By Dr. Mercola

Your intestinal bacteria are part of your immune system and researchers have discovered that microbes of all kinds play instrumental roles in countless areas of your health. Beneficial bacteria also control the growth of disease-causing bacteria by competing for nutrition and attachment sites in your colon.

This is of immense importance, as pathogenic bacteria and other less beneficial microbes can wreak havoc with your health if they gain the upper hand. It can also affect your weight. Moreover, your gut microbiome — which contains 100 times as many genes as your body’s total genome — is involved in important chemical reactions that your gut enzymes cannot perform, including fermentation and sulfate reduction.

Importantly, your gut microbiome helps generate new compounds (bacterial metabolites) that can have either a beneficial or detrimental impact on your health. Among the most recent research published are studies showing beneficial gut bacteria, also known as probiotics, benefit your liver function and help lower blood pressure.

Probiotics Influence Liver Function

While a lot of research has focused on the influence gut bacteria have on your gastrointestinal health, recent research presented at the 2018 Experimental Biology meeting in San Diego reveals probiotics also impact your liver function. This study focused primarily on a probiotic called lactobacillus rhamnosus GG (LGG), which is found in many commercial probiotic supplements.

Mice were first given food with added LGG for two weeks, and were then given a toxic dose of acetaminophen, known to cause serious liver damage by increasing oxidative stress. Interestingly, the animals pretreated with LGG had far less liver damage than untreated mice when given an acetaminophen overdose.

According to lead author Bejan Saeedi, doctoral candidate at Emory University,1 “Administration of the probiotic LGG to mice improves the antioxidant response of the liver, protecting it from oxidative damage produced by drugs such as acetaminophen.” Earlier animal studies have also shown LGG helps protect against alcoholic liver disease and nonalcoholic fatty liver disease, the latter of which is primarily driven by diets high in sugar and processed foods.

Earlier research by the same team reveals the mechanism behind this finding. It appears LGG protects the liver against oxidative damage by activating Nrf2, a biological hormetic that upregulates superoxide dismutase, catalase and other intercellular antioxidants. Nrf2 not only lowers inflammation, but also improves mitochondrial function and stimulates mitochondrial biogenesis. Aside from consuming LGG-containing probiotics, Nrf2 can also be activated by:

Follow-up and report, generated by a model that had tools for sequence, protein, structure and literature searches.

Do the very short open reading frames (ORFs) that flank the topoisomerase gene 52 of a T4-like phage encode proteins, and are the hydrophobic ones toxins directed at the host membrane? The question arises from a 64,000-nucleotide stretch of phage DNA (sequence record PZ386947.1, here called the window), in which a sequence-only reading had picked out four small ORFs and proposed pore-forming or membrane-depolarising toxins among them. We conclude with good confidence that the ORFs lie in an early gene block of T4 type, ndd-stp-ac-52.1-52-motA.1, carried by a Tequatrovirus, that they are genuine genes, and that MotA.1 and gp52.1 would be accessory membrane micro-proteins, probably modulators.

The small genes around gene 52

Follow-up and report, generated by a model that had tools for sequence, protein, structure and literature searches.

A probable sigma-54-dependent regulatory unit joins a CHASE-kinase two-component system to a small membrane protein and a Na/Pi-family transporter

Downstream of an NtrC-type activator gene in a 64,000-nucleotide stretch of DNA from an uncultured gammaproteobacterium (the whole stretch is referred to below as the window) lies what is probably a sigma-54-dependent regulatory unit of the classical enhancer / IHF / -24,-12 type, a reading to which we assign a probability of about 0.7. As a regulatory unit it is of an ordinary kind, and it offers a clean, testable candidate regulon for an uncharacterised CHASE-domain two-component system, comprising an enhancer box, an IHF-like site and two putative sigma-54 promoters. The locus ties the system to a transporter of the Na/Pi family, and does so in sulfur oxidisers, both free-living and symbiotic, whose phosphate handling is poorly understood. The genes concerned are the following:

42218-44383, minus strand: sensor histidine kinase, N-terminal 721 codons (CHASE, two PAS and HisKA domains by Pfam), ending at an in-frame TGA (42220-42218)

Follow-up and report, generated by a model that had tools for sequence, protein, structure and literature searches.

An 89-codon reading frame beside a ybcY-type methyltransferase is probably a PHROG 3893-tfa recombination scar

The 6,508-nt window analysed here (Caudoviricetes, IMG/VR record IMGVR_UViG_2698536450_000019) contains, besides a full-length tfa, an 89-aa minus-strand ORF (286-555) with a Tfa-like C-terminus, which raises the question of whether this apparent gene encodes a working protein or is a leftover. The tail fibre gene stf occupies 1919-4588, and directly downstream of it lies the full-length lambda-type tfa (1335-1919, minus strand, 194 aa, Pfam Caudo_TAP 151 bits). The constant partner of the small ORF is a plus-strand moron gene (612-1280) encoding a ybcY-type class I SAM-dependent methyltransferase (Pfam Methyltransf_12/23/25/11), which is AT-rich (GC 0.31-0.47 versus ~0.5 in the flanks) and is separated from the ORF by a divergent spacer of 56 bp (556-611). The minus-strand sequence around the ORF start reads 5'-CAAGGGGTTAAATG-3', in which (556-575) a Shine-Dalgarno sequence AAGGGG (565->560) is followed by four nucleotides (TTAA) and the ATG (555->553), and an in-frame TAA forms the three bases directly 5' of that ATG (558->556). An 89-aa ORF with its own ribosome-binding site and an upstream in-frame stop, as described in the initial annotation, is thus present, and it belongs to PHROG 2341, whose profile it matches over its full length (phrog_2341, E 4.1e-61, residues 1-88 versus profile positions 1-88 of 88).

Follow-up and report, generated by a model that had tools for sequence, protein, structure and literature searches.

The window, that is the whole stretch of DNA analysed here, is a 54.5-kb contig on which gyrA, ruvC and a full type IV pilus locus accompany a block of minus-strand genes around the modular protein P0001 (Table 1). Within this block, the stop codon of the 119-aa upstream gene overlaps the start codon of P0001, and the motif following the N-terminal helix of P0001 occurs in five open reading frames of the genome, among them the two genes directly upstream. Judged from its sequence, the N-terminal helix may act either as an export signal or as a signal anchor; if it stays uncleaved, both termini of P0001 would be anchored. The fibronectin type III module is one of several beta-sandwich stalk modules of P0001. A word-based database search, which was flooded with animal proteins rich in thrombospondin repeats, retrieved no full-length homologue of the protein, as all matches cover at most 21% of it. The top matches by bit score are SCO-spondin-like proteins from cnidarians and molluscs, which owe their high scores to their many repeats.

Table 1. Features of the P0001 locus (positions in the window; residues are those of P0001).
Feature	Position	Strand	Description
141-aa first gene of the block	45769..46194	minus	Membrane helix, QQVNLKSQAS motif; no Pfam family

• Consuming Nrf2-boosting food compounds such as sulforaphane from cruciferous vegetables, foods high in phenolic antioxidants, the long-chained omega-3 fats DHA and EPA, carotenoids (especially lycopene), sulfur compounds from allium vegetables, isothiocyanates from the cabbage group and terpenoid-rich foods
  • Performing high-intensity exercises that activate the nitric oxide (NO) signaling pathway, such as the NO dump exercise
  • Multiday water fasting and intermittent fasting
  • Molecular hydrogen
  • CBD oil

Probiotics Help Normalize Blood Pressure

Other recent findings suggest regularly consuming probiotics can help relieve hypertension (high blood pressure). One previous analysis2 of nine studies that scrutinized associations between probiotics and blood pressure found that people who consume probiotics on a regular basis (in the form of yogurt, kefir or supplements, for example) tended to have lower blood pressure than those who did not consume probiotics.

On average, their systolic blood pressure (the top number in a reading) was 3.6 millimeters of mercury (mm Hg) lower and their diastolic blood pressure (the bottom number) was 2.4 mm Hg lower. The most significant benefit appeared to be among those whose blood pressure was higher than 130/85, and probiotics that contained a variety of bacteria lowered blood pressure to a greater degree than those containing just one type of bacteria.

Another animal study3 published last year found the probiotic lactobacillus marinus effectively prevents salt-sensitive hypertension by modulating TH17 cells. (Other research has found high salt intake inhibits lactobacillus marinus, thereby contributing to hypertension.) According to the authors: